An unvaccinated 7-year-old boy, who was not vaccinated because of a personal belief exemption, returned from a family visit to Switzerland with measles, according to the Centers for Disease Control. Eleven cases of measles in "unvaccinated children in San Diego" were linked to the boy, including his two siblings, five kids at his school, and four kids who were at his pediatrician's office on the same day as the sick boy, the CDC reported.
"Overall, approximately 70 children exposed to children with measles in the school, a day care center, the pediatrician's office, and other community settings were placed under voluntary home quarantine because their parents either declined measles vaccination or they were too young to be vaccinated," the CDC said.
A LEGISLATIVE BOOSTER SHOT?
Recently, the California Legislature approved a bill requiring parents to discuss vaccinations with a pediatrician or school nurse before they can opt-out. Gov. Jerry Brown has until the end of September to sign or veto it.
State Assemblyman Richard Pan, a pediatrician who sponsored the bill, said he believes private school parents are more apt to mistakenly believe that the vaccinations could be more dangerous than the diseases.
"In private school, these are people who have money, who are upper-middle class, and they are going on the Internet and seeing information and misinformation," said Pan, D-Sacramento.
Increasing immunization rates for this population is critical to controlling the outbreak of diseases, he said.
"Have you ever seen a child cough themselves to death? It's not pleasant," he said.
Melissa Vega, program coordinator for San Joaquin Community Hospital's mobile immunization clinic, which provides free vaccinations to children, thinks the law would be a good requirement for parents considering opting out.
"They need to learn about (vaccinations), they need to be educated about it before they just choose not to," she said. "To be honest with you, I'm going to say that a lot of parents opt out of vaccines because they're lazy and they do not want to wait in line at the health department to get their kindergartener immunized because they waited until the last minute."
Those who choose not to vaccinate their children see the legislation as meddlesome and unnecessary.
"It's making an extra appointment and paying extra money to go in there and essentially get permission to do what I feel is right for my family," said Dawn Kelly, who sends her unvaccinated 5-year-old son and partially vaccinated 9-year-old son to Monarch Christian School in the Los Angeles area.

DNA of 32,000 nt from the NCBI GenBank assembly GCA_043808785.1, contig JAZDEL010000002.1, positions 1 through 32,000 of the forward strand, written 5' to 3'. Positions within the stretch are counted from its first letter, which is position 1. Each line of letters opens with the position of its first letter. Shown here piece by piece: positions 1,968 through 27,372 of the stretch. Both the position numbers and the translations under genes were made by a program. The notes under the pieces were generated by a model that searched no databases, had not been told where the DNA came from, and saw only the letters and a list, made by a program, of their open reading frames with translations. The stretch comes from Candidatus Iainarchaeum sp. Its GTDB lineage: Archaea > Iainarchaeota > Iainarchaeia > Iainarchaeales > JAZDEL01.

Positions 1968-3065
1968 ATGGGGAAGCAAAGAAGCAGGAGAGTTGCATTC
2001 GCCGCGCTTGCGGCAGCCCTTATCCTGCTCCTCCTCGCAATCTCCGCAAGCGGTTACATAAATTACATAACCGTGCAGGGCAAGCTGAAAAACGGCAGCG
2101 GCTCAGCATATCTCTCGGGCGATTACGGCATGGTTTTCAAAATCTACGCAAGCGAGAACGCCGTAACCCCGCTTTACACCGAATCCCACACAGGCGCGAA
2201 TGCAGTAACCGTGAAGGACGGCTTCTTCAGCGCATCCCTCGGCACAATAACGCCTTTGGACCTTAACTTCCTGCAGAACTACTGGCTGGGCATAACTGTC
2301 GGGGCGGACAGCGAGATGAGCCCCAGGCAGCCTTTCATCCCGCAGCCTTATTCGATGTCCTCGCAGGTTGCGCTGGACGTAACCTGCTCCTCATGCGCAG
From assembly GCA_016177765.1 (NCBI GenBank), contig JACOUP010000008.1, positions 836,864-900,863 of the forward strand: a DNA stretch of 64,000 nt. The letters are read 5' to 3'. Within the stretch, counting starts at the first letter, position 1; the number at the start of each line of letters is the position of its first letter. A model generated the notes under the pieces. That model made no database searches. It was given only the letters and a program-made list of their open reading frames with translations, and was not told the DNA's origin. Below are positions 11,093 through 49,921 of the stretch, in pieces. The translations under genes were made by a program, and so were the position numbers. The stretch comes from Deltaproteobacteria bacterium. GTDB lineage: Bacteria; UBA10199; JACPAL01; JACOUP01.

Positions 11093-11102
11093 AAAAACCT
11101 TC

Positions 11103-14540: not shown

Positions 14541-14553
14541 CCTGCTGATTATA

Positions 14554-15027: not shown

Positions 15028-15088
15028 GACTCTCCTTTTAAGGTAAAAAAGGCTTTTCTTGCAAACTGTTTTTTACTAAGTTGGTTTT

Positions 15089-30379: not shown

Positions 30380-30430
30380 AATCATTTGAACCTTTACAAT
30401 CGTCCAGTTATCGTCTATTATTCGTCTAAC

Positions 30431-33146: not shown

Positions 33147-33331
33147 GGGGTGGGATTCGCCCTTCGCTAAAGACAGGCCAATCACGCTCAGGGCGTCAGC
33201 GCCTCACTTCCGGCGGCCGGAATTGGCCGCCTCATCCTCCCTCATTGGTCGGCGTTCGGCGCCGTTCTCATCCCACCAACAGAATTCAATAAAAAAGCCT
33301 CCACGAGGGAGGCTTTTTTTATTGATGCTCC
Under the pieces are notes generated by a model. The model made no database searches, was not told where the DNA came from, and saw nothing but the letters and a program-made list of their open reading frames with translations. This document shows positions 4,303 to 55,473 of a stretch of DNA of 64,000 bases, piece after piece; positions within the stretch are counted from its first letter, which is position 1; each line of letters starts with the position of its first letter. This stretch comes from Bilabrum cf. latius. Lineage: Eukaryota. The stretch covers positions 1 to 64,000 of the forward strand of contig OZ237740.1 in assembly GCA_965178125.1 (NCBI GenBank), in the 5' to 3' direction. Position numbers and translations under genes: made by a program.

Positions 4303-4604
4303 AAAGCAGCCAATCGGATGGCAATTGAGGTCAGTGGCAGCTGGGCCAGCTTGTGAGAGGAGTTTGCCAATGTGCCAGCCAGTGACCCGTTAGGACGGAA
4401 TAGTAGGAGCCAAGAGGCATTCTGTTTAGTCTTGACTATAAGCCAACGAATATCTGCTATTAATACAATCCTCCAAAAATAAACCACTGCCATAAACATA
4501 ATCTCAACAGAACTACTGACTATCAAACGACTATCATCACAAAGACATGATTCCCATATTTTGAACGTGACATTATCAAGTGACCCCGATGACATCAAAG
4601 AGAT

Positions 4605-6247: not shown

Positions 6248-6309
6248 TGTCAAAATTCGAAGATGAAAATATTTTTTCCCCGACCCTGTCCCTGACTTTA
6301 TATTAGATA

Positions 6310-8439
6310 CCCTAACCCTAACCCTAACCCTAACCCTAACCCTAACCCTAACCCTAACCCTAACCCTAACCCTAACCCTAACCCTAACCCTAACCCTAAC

Kelly worries her children's immune system could be overwhelmed by getting too many vaccines at once.
PARENTS VOLLEY ON VACCINES
Erica Pumphrey, a licensed vocational nurse at San Joaquin Community Hospital's mobile immunization clinic, said parents who visit the clinic may be concerned about the side effects of immunizations but usually change their mind after they talk to clinic staff.
"A lot of people are still concerned if autism's a factor in getting vaccinated or not," Pumphrey said.
Vega said questions about a purported link between vaccines and autism are rarer now than they were three or four years ago.
"I've noticed that more kids are coming (for vaccines) and it just depends on what California has, what they have cookin' as far as requirements for school entry," she said.
While walking her son home from school Wednesday afternoon, Alisha Miller of Bakersfield said immunizations are a high priority for her and her seven kids.
"I don't want (my children) to catch something that could have been prevented by a shot, something simple," she said. "That's why I tell my kids when they go, 'The shot hurts but it hurts more if you get sick.'"
Still, Miller said her 5-year-old son, Tyrese Miller, started school a week late this year because he needed several shots and other medical exams before he could attend class at William Penn Elementary School. Miller took him to the health department for his shot, a trip she said took about three hours.
"I really don't understand why (parents) would want to take the chance of getting somebody else sick or taking the chance of (their child) getting sick," she said. "To me it's always just been what you're supposed to do, so I can't really see other people's reasoning for not doing it."
For other parents, the decision doesn't seem so clear cut.
Juliet Abney, mother to 13-month-old Olive Dewitt, decided to vaccinate her daughter for polio and whooping cough but not any other disease. Abney said after doing some online research she felt that Americans over-vaccinate and that the push to immunize children is profit-driven.
"I feel like (Americans) take too much medicine," she said. "I feel like we should go back to our roots and focus on natural remedies."
Abney's decision became a point of friction with her family.
"They thought that it was ridiculous and they felt that I was putting (my daughter) in harm by not vaccinating her," Abney said. "I really feel like it's unnecessary."
Abney said she would probably sign a waiver when her daughter reached school age and that while she has heard the argument that diseases could resurge if children aren't vaccinated, that's not something she anticipates.
"Anything's possible but I personally don't think that's going to happen," she said.